The return increases to 123 percent when projects such as the I-85/Hwy. 74 interchange project are included, the chamber said. Bolstering its postion in favoring passage is the expectation that construction projects will be more expensive in the future, that the projects will be eligible for federal funds and that the infusion of approximately $8 billion in the metro Atlanta economy will also help Fayette County.

As for the notion that the passage of T-SPLOST would constitute a permanent tax, the chamber maintains that is not the case, noting that the 10-year time frame is tied to state law and that any continuation beyond the 10-year period would require voter approval.

The position statement also referenced the state’s 49th place ranking in spending on transportation during a time when motor fuel taxes are declining.

“Transportation dollars are dwindling and the stress on our infrastructure is growing. The passage of this referendum will generate economic opportunities for Fayette County and the entire region, will create jobs, will lessen congestion saving commuters money and time that can be better spent with their families, and will be a shot in the arm to the lagging economy,” the chamber statement said.

According to the chamber statement, “The Fayette Chamber of Commerce Board of Directors, the Chamber Government Affairs Committee, and a broad cross section of Chamber business leaders have spent considerable time considering the facts and issues associated with the upcoming Transportation Referendum vote on July 31st. ... Therefore, the Fayette County Chamber Board has voted to support the upcoming transportation referendum and encourages residents to learn about Fayette County’s current transportation priorities and issues, to examine the options for funding infrastructure improvements, and to vote ‘yes’ on the transportation ballot initiative on July 31.”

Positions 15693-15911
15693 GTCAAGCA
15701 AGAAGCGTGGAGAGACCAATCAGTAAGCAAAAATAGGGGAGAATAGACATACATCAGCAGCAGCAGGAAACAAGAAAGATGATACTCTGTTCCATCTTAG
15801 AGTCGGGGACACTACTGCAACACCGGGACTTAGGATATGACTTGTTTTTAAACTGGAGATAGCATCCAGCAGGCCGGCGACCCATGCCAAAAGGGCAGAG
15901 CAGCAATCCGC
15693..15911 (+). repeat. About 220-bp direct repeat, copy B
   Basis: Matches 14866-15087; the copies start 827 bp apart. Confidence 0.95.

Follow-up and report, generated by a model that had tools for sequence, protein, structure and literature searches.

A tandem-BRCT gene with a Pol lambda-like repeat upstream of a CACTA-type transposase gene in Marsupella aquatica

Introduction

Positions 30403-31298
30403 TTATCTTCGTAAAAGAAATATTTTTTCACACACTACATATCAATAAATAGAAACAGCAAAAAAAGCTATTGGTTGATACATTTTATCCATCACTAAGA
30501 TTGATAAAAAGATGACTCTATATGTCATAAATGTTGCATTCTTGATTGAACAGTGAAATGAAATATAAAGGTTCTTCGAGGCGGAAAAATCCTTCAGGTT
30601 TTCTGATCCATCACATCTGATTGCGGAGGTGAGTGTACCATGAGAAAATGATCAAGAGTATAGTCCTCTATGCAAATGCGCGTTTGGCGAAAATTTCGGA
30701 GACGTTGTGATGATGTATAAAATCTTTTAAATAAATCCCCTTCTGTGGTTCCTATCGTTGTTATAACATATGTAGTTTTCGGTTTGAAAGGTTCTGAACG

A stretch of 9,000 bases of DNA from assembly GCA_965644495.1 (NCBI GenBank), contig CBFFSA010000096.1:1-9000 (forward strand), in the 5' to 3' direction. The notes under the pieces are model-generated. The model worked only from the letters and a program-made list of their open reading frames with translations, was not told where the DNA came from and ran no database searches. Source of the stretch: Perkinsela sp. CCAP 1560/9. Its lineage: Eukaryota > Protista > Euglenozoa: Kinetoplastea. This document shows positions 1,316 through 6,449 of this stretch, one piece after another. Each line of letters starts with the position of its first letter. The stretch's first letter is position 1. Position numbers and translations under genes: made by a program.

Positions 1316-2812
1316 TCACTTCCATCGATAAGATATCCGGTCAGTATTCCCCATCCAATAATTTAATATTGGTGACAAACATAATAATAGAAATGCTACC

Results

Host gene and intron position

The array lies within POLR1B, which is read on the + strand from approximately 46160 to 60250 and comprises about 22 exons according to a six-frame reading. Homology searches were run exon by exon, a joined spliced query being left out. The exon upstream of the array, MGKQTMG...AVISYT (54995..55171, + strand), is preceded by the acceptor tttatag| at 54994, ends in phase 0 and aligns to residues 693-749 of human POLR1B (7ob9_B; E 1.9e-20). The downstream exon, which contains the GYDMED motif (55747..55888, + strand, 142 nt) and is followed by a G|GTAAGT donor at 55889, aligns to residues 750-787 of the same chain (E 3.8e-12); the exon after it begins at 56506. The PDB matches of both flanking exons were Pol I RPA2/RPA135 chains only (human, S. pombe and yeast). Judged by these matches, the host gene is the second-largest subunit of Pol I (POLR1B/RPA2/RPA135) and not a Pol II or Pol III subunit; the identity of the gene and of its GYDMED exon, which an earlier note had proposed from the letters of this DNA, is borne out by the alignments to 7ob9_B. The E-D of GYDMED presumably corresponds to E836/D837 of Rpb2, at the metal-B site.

bob merchant
bob merchant's picture
Joined: 10/21/2005
More big brother in my

More big brother in my pocket?
No thanks, have you ever heard of the TEA party? Do you have any clue as to why we feel we are Taxed Enough Already?

You think it's a just a penny? You are a fool, go out and buy that car from Nissan on the last page of the Citizen for $26,997, you will fork over another 269 dollars to a group of people that have no clue. Has the government ever done anything fiscally responsible?

Bad enough I need to deal with the crooks that jacked the sewer rate by 60%. Now more hands in my pocket?